INSKEEP: As they Had for Hong Kong...

YUI: Hong Kong.

INSKEEP: ...For a period.

YUI: And look at what Hong Kong has become. So there is no market for that in Taiwan.

INSKEEP: If people want the status quo, if your government wants the status quo, even though it's known as a pro-independence party, why do you think it is that the People's Republic of China has been issuing warnings, accusing you of going down the road to independence, conducting military exercises, on and on?

YUI: Well, I think their view of Taiwan or the ruling party wanting independence for Taiwan - or anyone in Taiwan - let's put it this way, anyone who doesn't want to be part of the People's Republic of China, for them, those are pro-independence activists.

INSKEEP: A year or two ago, early in Russia's war against Ukraine, there was a lot of tension and fear here about a possible war between mainland China and Taiwan - maybe not immediately, but the fear that it was on the horizon, that it was coming. Has that fear diminished?

YUI: You mean from the West or us?

INSKEEP: Are you are you less worried than you were?

YUI: I mean, we're always - again, as I mentioned at the beginning, the - mainland China has been - they have created this tension because, for example, the U.S. House speaker, Nancy Pelosi, visiting Taiwan, it's not something new. It's something that they don't like. And they decided to change things around in the Taiwan Strait, for example, increasing the number of - or sending ships and fighter planes across the median line into Taiwan's identification zone. Sending these balloons, you know - has been increasing in their incidents in sending balloons over Taiwan's airspace. Recently, they - without consulting Taiwan - unilaterally changed the air route - it's called M503, which is a civilian airline air route that goes from north to south from China - they moved it closer to Taiwan's side.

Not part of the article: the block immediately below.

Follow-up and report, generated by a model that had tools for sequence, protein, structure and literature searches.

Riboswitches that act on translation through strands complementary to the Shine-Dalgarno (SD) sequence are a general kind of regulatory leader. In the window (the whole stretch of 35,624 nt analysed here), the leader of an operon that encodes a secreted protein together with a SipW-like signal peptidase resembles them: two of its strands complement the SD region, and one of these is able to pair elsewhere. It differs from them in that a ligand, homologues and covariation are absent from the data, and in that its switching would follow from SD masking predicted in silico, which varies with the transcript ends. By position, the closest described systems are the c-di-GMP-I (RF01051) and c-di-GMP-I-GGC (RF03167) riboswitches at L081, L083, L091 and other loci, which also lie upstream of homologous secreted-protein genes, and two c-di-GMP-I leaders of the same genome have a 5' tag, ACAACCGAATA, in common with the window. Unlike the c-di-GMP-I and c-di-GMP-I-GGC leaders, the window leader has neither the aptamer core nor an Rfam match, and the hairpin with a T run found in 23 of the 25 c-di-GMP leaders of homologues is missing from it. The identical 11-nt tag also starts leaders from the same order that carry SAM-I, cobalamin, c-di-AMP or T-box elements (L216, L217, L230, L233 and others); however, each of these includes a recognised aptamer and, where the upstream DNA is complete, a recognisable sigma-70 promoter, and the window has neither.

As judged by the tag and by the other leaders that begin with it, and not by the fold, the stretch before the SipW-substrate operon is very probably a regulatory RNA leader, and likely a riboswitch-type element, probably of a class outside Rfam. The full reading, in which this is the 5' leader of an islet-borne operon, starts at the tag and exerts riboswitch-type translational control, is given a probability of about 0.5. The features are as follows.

INSKEEP: Do you think they're encroaching on...

YUI: Sure. They're the ones changing the status quo between our cross-strait relations.

INSKEEP: Your outgoing president did make a remark recently, though, suggesting that China was effectively too busy to attack Taiwan, that China was overwhelmed with other problems. Do you think that an invasion is not likely anytime soon?

YUI: Well, People's Republic of China, they do have many issues at hand, including their own domestic issues. So I would hope that they will concentrate more on their own domestic issues, fixing their own problems instead of creating these nervous, sensitive situations across the Taiwan Strait.

INSKEEP: In our talk, Taiwan's representative kept one eye on that nervous, sensitive situation and one on the other nervous situation - politics in Washington. Until now, support for Taiwan has been bipartisan. President Trump started a trade war with Communist China. President Biden kept Trump's tariffs in place and approved new military aid to Taiwan. But as the presidential campaign proceeds, Republicans have increasingly spoken against all foreign aid. And former President Trump accused Taiwan of stealing U.S. business. We did ask Alexander Yui what he makes of politics here. He diplomatically expressed the hope that U.S. support will continue whoever wins this fall.